The Importance of Keeping on Top of Your Wine Cellar

Posted by: samy November 3, 2010 No Comments

There’s no doubt about it: it’s fun to be a sommelier. Tasting wine, selecting wine, ordering wine, pairing wine with food … it’s all good stuff and makes us feel a little guilty for getting paid to do it – but only a little.

What’s not so fun about being a sommelier, but probably the most important part of our jobs, is keeping stock moving through the cellar.

Both of us have experienced the dismay of having to dump wines that are no longer good – in some cases pouring thousands of dollars down the drain. But that’s exactly what happens when you don’t stay on top of your inventory. We’ve been in restaurant cellars that have not stored precious Bordeaux properly – only to have the corks rot out. We’ve been in personal cellars where bottles of decent stuff fell to the bottom of the pile 15 years ago, and have suffered the ravages of time and are no longer drinkable.

We just finished up organizing a private cellar of about 500 bottles, where 4 cases – or 48 bottles – were no longer drinkable. That nearly 10% of the entire collection!! Many of these bottles were into their second decade, and were meant to be consumed within 3 – 5 years at the most. Now at 10 years plus, the fruit had fallen out, the colour had turned to garnet, and nothing enjoyable was left in a once enjoyable bottle.

It’s easy to do: you buy a case here, you pick up a few bottles on a weekend trip there, and before you know it you’ve got a decent collection filled with great wine and great memories. But remember: not all bottles – in fact, very few — are meant for long term cellaring and will start to fade within a few years. Ask the wine merchant when you buy how long the bottle should last, and write it down. And when the bottles land in your cellar, go through them every once in a while to make sure your consuming everything that’s getting close to its expiration date.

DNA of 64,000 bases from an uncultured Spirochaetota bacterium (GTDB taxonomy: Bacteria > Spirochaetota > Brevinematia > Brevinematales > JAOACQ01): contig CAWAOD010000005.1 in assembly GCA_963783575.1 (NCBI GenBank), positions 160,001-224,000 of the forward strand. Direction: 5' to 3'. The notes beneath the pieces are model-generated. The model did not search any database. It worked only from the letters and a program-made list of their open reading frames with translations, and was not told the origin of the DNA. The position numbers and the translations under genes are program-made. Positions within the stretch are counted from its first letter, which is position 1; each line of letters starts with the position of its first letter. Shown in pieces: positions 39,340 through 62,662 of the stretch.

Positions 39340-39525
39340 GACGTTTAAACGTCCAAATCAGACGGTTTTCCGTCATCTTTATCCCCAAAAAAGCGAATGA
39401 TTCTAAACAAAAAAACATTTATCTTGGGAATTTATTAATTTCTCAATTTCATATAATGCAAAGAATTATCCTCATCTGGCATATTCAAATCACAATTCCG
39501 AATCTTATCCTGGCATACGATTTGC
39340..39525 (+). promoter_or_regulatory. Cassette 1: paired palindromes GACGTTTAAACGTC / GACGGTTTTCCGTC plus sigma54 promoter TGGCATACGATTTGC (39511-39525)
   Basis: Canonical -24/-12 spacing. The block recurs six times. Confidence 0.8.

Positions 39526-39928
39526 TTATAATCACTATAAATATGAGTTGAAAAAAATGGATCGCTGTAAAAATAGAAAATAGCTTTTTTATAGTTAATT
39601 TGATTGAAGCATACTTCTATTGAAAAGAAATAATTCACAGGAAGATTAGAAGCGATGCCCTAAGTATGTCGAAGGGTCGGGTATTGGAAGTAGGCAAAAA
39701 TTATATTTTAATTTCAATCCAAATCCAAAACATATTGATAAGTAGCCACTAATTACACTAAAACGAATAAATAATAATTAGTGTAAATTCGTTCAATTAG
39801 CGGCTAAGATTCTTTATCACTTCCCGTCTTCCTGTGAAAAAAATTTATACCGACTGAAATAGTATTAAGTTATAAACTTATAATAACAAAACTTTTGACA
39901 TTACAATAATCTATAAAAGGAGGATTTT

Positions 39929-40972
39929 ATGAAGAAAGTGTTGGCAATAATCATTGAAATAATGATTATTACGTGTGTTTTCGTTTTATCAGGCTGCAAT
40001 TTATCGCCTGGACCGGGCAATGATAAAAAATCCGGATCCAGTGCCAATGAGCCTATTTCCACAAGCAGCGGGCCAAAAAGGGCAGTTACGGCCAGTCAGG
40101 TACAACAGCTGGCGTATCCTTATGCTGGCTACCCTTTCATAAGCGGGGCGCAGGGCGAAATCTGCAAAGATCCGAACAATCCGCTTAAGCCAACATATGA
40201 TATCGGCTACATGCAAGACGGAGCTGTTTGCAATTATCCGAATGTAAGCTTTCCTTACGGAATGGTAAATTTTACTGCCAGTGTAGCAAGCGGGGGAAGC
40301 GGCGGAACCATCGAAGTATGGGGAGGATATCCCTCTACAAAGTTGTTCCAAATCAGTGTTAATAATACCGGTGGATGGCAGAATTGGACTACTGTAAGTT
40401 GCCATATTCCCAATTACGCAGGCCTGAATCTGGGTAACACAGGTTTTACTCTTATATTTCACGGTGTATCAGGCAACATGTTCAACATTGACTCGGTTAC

It’s a shame when a collector’s enthusiasm overtakes practicality. And trust us, we’ve never been big on practicality, but it pays in the long run. Keep a catalogue of the stuff you’ve got on a simple excel sheet or even a written notebook and if you really can’t be bothered to organize what you’ve got hire professionals to do it for you. It may just save you the heartache and financial loss of having to dump your once highly coveted wines.

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